John Freeman
December 05, 2003 AT 05:00 AM EST

A 28-year-old woman dies in childbirth, leaving behind overworked husband Andrew, a gaggle of nosy friends, and the title character of Faith Fox, a brisk comedy of manners by British novelist Jane Gardam. What follows resembles a game of hot potato, with baby Faith Fox passing from friend to extended family in a mini-tour of England’s still-present class system.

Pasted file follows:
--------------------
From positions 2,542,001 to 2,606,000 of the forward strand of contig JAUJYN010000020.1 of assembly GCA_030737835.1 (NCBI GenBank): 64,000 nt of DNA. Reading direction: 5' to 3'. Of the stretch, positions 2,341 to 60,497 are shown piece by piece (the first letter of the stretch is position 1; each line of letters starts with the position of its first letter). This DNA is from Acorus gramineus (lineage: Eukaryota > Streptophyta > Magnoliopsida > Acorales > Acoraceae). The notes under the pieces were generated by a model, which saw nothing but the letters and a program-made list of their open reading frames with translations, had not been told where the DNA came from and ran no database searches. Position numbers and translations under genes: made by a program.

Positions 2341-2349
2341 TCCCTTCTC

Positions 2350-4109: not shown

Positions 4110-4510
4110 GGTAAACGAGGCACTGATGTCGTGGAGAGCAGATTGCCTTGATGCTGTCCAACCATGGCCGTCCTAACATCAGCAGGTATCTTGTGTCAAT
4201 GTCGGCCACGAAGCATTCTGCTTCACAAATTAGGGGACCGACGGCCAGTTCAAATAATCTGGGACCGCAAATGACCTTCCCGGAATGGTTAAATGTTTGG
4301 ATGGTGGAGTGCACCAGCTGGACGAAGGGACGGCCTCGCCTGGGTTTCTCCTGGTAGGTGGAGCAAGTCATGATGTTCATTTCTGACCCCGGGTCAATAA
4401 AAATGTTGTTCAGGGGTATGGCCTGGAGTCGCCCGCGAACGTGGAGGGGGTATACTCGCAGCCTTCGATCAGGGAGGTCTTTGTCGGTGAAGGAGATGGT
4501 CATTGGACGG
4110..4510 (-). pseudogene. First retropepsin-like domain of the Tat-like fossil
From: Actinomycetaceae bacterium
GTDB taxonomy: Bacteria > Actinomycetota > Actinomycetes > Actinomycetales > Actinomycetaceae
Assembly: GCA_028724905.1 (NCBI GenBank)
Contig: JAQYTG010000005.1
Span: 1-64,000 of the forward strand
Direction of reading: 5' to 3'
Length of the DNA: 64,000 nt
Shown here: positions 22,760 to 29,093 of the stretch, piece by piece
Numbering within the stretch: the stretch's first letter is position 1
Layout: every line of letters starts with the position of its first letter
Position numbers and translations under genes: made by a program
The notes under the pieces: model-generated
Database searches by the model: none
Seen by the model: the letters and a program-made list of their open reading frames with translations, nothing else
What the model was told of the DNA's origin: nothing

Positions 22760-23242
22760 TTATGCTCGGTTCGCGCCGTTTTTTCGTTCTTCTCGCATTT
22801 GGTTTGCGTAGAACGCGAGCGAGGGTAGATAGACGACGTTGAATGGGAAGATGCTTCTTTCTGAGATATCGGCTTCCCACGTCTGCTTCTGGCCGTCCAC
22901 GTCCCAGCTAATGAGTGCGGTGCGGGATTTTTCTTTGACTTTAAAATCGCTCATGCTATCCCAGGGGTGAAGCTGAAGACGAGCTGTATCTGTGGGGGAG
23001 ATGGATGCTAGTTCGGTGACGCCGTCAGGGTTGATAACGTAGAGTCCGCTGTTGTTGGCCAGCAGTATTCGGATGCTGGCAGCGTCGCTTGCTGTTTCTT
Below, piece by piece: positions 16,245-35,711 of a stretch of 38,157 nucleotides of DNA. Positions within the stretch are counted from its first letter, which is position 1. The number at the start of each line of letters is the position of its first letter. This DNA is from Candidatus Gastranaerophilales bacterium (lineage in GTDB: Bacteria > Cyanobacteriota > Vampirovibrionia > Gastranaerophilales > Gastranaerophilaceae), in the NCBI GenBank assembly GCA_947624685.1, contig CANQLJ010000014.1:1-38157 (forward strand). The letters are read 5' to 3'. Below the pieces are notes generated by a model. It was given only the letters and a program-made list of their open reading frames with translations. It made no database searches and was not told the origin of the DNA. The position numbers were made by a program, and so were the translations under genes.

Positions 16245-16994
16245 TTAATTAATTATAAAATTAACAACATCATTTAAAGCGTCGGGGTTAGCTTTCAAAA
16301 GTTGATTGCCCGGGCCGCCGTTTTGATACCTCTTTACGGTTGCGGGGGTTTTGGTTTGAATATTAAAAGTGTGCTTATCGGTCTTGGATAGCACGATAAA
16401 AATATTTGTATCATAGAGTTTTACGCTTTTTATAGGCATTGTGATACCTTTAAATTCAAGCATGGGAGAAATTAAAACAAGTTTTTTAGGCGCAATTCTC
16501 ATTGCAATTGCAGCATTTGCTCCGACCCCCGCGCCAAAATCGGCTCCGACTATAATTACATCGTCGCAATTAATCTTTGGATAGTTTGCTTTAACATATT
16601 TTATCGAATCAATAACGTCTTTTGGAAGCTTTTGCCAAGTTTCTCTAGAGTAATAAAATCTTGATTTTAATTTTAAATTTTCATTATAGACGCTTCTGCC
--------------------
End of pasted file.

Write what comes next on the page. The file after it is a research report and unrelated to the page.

A former Booker Prize finalist, Gardam conjures each character with a brisk stroke of the pen, be it Toots, Andrew’s shabby North Country father, or Andrew’s brother, Jack, an eccentric priest who runs a commune filled with Tibetan refugees. In spite of her tragic provenance, Faith awakens a sense of hope in those she meets, turning this novel — so filled with the aged and the grief-stricken — into a surprisingly uplifting tale.

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